I suspect this is the reason why we have so many different types of memory in so many different locations of the brain.  Our brains couldn't lie around waiting to evolve into what we have now, they had to function in the meantime.  We're so redundant inside our heads, a teenager can lose half of her brain and eventually return to full functionality.  Doesn't work so well after about twenty, the brain's decided on what it wants to look like by then.

Wednesday, November 20, 2013

Intermittent Thoughts on Writing 1

Everyone thinks they can write. Depends on the meaning put to the word "write." Any literate person can put two words together or explain a problem, expound on a solution, or describe something.  But that is not what's usually meant.  What people who speak about writing mean is this: writer == author.

Much more difficult to do.  Because author == I F Stone, Steven King, George RR Martine, etc.  They are not referring to a memoirist or an historian, both occasionally very hard jobs.

So we've narrowed the discussion.  writer == fictionalist.  Everyone thinks they can do it.  Everyone can hold a wrench, too.  That's the least part of being a master mechanic.

Part of the problem with this societal hallucination, it's fed by writers themselves.  Look over any reference section in a bookstore and dozens - if not hundreds in a well-stocked store - of books on writing pop out of the shelves.  I've bought them.  You have, too.  Be honest, you have.

What have I learned from these books?  What does anyone learn from these books, besides certain basics involving language use and a few hints on plot and characterization?  How to write like the author who wrote the book.  Read Steven King's book on writing and learn to write JUST LIKE KING. Read Bradbury's book on writing, a nice one it is, too, but once again, it will teach you how to be Bradbury.  Syd Field's books on to be Syd Field.  Buy Save the Cat, learn to be Blake Snyder.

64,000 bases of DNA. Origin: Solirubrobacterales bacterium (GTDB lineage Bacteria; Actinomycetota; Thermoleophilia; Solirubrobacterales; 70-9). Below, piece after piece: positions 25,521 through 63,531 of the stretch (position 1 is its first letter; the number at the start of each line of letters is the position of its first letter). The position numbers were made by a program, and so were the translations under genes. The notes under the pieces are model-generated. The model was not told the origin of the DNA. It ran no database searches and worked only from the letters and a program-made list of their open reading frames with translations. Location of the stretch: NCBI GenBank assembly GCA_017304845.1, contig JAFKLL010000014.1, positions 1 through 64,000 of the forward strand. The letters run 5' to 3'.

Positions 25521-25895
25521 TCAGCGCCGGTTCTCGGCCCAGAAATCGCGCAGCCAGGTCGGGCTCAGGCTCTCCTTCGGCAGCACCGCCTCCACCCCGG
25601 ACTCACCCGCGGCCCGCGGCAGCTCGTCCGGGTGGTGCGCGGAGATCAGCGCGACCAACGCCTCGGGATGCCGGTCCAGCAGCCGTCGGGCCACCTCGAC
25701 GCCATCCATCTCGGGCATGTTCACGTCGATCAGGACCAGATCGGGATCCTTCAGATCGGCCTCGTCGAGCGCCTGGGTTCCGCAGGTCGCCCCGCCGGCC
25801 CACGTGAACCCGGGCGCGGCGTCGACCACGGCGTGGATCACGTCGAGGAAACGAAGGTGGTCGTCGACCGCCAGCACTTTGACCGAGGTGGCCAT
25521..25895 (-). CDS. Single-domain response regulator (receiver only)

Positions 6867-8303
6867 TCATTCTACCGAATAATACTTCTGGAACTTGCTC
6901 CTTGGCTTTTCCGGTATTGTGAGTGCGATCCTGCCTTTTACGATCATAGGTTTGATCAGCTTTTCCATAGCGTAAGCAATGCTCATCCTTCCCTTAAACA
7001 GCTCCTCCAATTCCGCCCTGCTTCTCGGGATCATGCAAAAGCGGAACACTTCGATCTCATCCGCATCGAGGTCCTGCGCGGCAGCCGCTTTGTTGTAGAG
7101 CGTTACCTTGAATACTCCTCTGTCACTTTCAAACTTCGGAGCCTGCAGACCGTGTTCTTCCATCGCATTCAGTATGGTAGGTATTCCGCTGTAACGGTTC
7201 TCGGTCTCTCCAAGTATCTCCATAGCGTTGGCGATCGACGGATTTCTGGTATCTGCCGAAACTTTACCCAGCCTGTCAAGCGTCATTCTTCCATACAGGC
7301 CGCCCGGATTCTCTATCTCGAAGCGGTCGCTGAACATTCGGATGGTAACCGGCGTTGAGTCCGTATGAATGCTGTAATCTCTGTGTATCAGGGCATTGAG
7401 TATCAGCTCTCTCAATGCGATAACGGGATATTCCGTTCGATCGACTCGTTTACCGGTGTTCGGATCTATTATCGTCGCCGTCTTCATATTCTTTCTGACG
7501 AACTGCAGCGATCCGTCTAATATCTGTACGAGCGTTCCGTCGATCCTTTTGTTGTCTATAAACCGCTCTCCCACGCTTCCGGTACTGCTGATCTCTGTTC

A novice can pick up meaningful advice in these books.  They aren't useless, only of limited worth.  How does one become a creative writer, a fictionalist?  How does one become a good computer programmer?  Through study and practice.  That's it.  Study and practice.  No secret handshakes, no deals with the devil, and no unique knowledge.  Study fiction, read and read and read.  Work at reading.  Write, and then write some more, then write even more.  But work isn't enough.  Banging away at a range all day ain't gonna turn you into Carlos Hathcock.  Hathcock was trained to shoot and embraced his training - internalizing it.  The writer must do the same.  Self-criticism is the best tool a writer has.  When combined with study and work, it is an unbeatable combination.  Being well-read, the good writer will intuitively compare his work to the masters, judge it, and make corrections during the writing process.

Lastly, for today anyway, the good writer realizes he is human, prone to error.  No one can be perfect.  Try to correct one's faults, but be prepared for the occasional failure.  Remember, Shakespeare wrote, rewrote, and rewrote again as each of his plays was staged.  He saw what worked and what didn't, accepted the failure and corrected it.

Not that I know anything about anything, just my opinion on the matter.

Tuesday, November 19, 2013

Ghost towns and ancient Greek Gods

Albuquerque is quickly turning into a ghost town, at least my part of it.  As quiet as a night alone on the high plains.  The university has of course closed up for the duration.  My complex resembles the abandoned buildings in Half Life 2.  Creepy.

For a reason known only to my subconscious mind, today was a day for the Greek gods.  First came Hephaestus, the blacksmith god.  Athena was next, gray-eyed, friend of humanity, who gave us jury trials and human rights. Hygieia, who led me to her father, the man-who-became-a-god named Asclepius.  Lastly, though immortal and as powerful as a god, yet not a god, Prometheus, the Titan who gave humanity fire...and according to some myths, the being who created human beings in the first place.

How this fits in with Thanksgiving, I have no idea.

Monday, November 18, 2013

Yet more on Almost Human